“In this work,” says Bishara, “children are trapped between halos of barbed-wire circles covered with tulle cloth and balloons. The spectator has to manoeuvre between the hung barbed-wire circles and interact with the artwork by walking through the space and discovering the pictures inside the transparent balloons, or by lying down on the mattresses and watching the barbed-wire circles conquer the space – a metaphor of simultaneous protection and harm. It is a malevolent halo that purposely crowns the children, Palestinian children, and steals their childhood, even before they are born.”

um kamel's tent in sheikh jarrah
um kamel's tent in sheikh jarrah

after the exhibit my friend took me to sheikh jarrah to meet um kamel al kurd. she is the woman who was expelled from her home in sheikh jarrah one month ago so that an illegal israeli settler can occupy this house which is decidedly in east jerusalem. she has been living in a tent below the house as an act of resistance. she’s not fighting for her right to go back to this house, though. instead she is fighting for something much more radical and amazing: the right to return to her house which is in al talbyieh near the yaffa gate of the old city. she was a refugee in 1948, like her husband who was from yaffa, though he died shortly after the expulsion. yesterday they marched with a group of people from al quds and internationals to the area where her house is. she actually doesn’t know exactly where her house is, it turns out, but of course she has the papers and the original key to it. in order to keep um kamel going there are all sorts of activities every day such as painting for neighborhood children, many of whom have painted beautiful images telling the story of what happened to um kamel (as seen here). there was also a film screening last night of short films–these are open to the public and one of the ways that they encourage various neighborhood people to come to the house and sit in solidarity with um kamel and her family. yesterday they had a film by larissa sansour. i had recently seen one of her amazing films called “soup over bethlehem” and i loved it because it was about mloukhiyya, which of course reminds me of baha’a. because as baha’a famously said: “mloukhiyya is resistance because i love it.” he, like um kamel’s husband, is from yaffa. please sign the petition to let um kamel return to her original home here.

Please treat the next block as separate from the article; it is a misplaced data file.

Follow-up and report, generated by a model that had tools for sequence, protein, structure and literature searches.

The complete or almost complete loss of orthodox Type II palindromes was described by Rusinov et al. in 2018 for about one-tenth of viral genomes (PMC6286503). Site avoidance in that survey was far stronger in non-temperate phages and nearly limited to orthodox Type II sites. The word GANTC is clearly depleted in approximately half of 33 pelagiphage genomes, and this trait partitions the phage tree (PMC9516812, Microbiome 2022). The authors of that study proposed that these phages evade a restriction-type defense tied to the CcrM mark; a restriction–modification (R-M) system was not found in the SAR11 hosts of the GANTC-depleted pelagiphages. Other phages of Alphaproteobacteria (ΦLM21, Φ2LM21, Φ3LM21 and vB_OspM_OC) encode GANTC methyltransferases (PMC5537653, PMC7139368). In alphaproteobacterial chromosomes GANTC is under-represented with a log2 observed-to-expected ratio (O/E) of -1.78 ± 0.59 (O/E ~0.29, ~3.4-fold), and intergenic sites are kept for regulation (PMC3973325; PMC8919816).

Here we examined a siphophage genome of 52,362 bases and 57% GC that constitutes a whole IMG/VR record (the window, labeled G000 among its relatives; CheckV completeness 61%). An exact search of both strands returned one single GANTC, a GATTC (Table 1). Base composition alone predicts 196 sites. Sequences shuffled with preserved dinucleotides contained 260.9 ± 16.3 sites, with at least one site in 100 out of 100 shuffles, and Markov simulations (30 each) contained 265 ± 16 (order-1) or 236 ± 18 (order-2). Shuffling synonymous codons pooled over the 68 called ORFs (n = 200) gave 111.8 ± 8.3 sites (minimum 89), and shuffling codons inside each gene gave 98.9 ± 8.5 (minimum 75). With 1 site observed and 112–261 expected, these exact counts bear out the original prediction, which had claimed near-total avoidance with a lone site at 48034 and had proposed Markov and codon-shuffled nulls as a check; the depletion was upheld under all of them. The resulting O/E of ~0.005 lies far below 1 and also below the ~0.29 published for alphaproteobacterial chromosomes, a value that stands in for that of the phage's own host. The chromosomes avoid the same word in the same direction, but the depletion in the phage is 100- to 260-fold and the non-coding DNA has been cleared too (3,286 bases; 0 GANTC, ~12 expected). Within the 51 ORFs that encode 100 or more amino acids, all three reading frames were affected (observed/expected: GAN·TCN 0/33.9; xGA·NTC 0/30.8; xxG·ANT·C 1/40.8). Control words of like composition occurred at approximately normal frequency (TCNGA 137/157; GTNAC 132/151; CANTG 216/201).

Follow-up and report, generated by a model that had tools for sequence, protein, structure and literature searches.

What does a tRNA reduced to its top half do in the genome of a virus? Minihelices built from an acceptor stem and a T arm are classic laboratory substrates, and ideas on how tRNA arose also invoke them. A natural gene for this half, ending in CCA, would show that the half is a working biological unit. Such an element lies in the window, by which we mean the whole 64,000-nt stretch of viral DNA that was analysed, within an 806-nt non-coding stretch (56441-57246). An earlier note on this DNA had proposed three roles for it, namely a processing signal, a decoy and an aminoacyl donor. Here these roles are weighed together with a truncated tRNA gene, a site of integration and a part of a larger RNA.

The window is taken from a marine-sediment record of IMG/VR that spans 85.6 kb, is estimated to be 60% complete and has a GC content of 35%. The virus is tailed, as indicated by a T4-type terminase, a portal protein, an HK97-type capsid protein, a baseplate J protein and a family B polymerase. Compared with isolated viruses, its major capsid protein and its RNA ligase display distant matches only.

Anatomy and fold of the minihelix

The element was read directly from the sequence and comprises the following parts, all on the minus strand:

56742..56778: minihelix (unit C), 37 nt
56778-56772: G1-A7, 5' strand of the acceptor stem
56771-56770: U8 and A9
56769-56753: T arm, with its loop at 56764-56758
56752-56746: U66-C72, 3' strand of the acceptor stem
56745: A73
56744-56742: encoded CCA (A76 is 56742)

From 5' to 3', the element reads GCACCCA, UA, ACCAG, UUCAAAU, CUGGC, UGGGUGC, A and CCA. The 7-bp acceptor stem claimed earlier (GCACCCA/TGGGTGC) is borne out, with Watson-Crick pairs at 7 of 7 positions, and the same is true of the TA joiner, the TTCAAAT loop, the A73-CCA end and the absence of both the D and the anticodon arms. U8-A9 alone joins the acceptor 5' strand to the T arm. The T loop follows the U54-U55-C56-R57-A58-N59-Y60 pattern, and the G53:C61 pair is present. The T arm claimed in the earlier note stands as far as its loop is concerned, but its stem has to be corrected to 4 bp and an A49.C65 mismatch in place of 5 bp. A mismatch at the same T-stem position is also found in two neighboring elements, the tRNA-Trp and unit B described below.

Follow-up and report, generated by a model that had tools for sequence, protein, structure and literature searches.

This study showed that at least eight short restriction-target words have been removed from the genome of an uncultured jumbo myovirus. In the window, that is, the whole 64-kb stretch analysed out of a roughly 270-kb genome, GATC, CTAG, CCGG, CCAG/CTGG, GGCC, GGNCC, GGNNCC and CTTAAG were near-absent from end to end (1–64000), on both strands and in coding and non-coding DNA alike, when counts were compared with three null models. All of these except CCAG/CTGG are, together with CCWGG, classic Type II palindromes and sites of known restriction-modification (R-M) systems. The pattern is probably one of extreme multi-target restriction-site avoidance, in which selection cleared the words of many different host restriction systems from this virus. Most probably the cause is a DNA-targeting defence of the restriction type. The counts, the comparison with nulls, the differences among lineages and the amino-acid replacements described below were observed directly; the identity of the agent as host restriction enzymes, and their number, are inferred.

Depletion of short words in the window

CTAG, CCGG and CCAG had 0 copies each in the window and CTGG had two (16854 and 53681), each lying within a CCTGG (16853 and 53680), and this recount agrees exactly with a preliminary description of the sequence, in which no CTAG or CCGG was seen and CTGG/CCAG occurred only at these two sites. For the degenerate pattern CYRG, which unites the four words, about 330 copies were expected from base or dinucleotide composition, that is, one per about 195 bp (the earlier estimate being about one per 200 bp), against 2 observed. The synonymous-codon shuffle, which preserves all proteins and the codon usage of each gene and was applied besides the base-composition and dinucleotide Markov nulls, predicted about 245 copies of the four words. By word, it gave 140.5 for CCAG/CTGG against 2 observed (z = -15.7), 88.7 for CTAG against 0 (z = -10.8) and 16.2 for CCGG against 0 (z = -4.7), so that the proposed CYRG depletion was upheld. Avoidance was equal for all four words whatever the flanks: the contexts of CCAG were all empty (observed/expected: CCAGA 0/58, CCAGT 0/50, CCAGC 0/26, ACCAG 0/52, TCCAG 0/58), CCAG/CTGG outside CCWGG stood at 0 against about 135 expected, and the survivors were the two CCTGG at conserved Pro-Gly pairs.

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after i left sheikh jarrah i drove on a jewish only road (i had yellow plates on the car i rented because my friends and i had planned a trip to 1948 this week). to get to deheishe. it was particularly scary to drive on this road yesterday. it was filled with itf: in jeeps, on foot–even in the tunnels near the illegal settlement of gilo they were marching on foot. as i drove up to beit jala after the checkpoint there they were standing outside their jeeps on the hill. they were everywhere. because i was headed in the direction towards khalil. and yesterday illegal israeli settlers set fire to a palestinian home. so tensions were high. but of course who gets the brunt of that? palestinians. they are the ones who the itf clamps down on.

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when i arrived at deheishe my friends and i were trying to figure out if we should leave yesterday night or this morning. we decided that maybe it would be easier to make it through the checkpoint if we did it at night. that way the roads would have fewer people on them and maybe it would be easier to make it through. and, amazingly enough, given all that is going on, we did. we made it through the checkpoint into 1948 right behind a car with new york license plates (because so many illegal israeli settlers are really americans occupying palestinian land). we arrived in nasra at 1:30 am, though if we had been allowed to drive in a straight line from beit lahem to al quds that could have been cut down quite a bit. but my friends are here in 1948. again. refugees are returning, if only temporary. i hope that refugees like um kamel get their right to return for real. soon.

until then here is the film about mloukhiyyeh for baha’a & his creative resistance: